A more intense wasabi flavor swaggers from Boyajian's wasabi oil, using a base of neutral canola oil. It's better as a cooking ingredient - to season a marinade, a sauce or a stir-fry - than as a finishing oil. Whole Foods, Citarella, Agata & Valentina and Gourmet Garage sell it for about $5 for 8 ounces. From it is $4.85 plus shipping.

Off the Menu

Mauro Mafrici, who went from chef's jobs at Felidia and I Trulli to open Lo Scalco in TriBeCa, now also has a role at Savore, 200 Spring Street (Sullivan Street). Boutique del Vino, a wine bar and cafe, will open in its back room on Friday with lots of quartinos, or eight-ounce carafes. There is light food, often with three preparations of one ingredient, like tuna, on the plate (212) 431-1212.

When Winzlet and Donna Clayton took over Wimps, a bakery at 29 West 125th Street owned by Mr. Clayton's mother, they kept the Southern goodies and whipped cream cakes downstairs but added Wimps Sky Cafe and Martini Bar on the balcony. It features favorites like crab cakes and rack of lamb, with Caribbean and Southern garnishes prepared by Stephanie Blades. The Key lime martini is dessert in a glass (212) 410-2296.

The refurbished Leaping Frog Café in the Central Park Zoo has opened with a menu with zero-trans-fat fries and many organic foods. Danny Meyer's Shake Shack in Madison Square Park has reopened, and next month Tom Colicchio's 'Wichcraft sandwich chain will open in the four food kiosks in Bryant Park.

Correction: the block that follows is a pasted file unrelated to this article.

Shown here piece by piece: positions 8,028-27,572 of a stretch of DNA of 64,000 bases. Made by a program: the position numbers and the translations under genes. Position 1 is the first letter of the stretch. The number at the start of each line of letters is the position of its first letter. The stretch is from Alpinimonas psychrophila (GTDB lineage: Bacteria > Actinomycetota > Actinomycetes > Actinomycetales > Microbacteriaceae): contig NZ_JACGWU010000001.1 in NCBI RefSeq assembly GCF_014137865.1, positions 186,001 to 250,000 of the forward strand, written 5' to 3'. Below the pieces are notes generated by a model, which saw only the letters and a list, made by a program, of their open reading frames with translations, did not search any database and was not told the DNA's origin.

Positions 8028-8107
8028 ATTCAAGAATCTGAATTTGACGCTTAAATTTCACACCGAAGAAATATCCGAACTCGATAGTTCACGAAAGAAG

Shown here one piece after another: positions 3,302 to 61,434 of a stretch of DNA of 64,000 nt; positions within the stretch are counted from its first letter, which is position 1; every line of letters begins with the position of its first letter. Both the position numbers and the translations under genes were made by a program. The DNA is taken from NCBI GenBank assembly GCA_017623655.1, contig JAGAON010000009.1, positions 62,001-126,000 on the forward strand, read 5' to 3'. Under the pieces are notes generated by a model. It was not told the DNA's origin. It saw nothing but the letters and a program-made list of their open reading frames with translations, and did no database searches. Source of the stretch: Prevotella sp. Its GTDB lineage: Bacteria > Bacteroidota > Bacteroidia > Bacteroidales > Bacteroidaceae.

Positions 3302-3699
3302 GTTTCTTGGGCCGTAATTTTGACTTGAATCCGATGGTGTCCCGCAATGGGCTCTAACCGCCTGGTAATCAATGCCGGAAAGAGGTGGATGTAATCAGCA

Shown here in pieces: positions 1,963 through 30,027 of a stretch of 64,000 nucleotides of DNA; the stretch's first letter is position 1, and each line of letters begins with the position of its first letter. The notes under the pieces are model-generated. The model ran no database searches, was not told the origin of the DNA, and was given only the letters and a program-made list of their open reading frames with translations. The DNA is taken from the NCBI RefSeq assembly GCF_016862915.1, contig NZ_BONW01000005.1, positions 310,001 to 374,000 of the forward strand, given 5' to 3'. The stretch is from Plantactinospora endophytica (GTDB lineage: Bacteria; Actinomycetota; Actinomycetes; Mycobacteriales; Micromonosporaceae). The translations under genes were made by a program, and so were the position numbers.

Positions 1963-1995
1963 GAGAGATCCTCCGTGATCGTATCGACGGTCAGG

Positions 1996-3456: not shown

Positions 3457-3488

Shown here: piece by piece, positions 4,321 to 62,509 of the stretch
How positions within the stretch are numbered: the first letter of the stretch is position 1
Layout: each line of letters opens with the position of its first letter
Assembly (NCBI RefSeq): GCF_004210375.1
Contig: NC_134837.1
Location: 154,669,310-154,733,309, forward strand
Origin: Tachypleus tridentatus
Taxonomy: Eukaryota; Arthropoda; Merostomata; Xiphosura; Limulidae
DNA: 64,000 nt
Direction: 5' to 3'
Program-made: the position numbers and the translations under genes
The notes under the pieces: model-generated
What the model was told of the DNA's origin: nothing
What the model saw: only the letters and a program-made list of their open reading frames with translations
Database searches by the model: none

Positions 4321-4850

On Saturday, March 10, New York-New York Hotel & Casino invites Las Vegans and visitors alike to join the crusade against childhood cancer at the ninth annual St. Baldrick’s Day head-shaving event. True to tradition, the fun-filled celebration will take place on the property’s iconic Brooklyn Bridge from 10 a.m. to 8 p.m. with some of Las Vegas’ best entertainers participating as celebrity head-shavers as shavees shed their locks in support of the St. Baldrick’s Foundation. The event is free and open to the public.

Those interested in braving a shave for the cause can register online here or on site the day of the event. Group registration also is available for teams and organizations.

To amplify fundraising efforts, New York-New York is introducing two new components: the “Squad Team Challenge” and the “Let’s Get Down to Beardness” campaign from John McManus, executive vice president, general counsel and secretary at MGM Resorts International.

  • Squad Team Challenge: New York-New York is partnering with McMullan’s Irish pub to offer the new “Squad Team Challenge.” In the spirit of friendly competition, the “Squad Team Challenge” encourages different teams to sign up for either McMullan’s event on March 3 or New York-New York’s event on March 10 and challenge each other to see who can raise the most money for the St. Baldrick’s Foundation. Only one person from each team will shave and whichever team raises the most money will be entered into an exclusive raffle drawing, with prizes including a stay at New York-New York complete with food and beverage vouchers.
  • McManus’ Let’s Get Down to Beardness Campaign: The grass-roots fundraising initiative is led by McManus himself, who for the past two years has made it his personal mission to raise crucial funds for the St. Baldrick’s Foundation. Last year McManus earned the top donor spot by raising $178,000 – more than half the total of New York-New York’s donation to the St. Baldrick’s Foundation. This year he is raising the stakes by personally reaching out to friends, family, colleagues and new contacts to make a donation to his cause with the goal to raise a total of $200,000 as he gears up to shave his infamous beard on March 10. Those that would like to support McManus’ “Let’s Get Down to Beardness” campaign can make a donation here.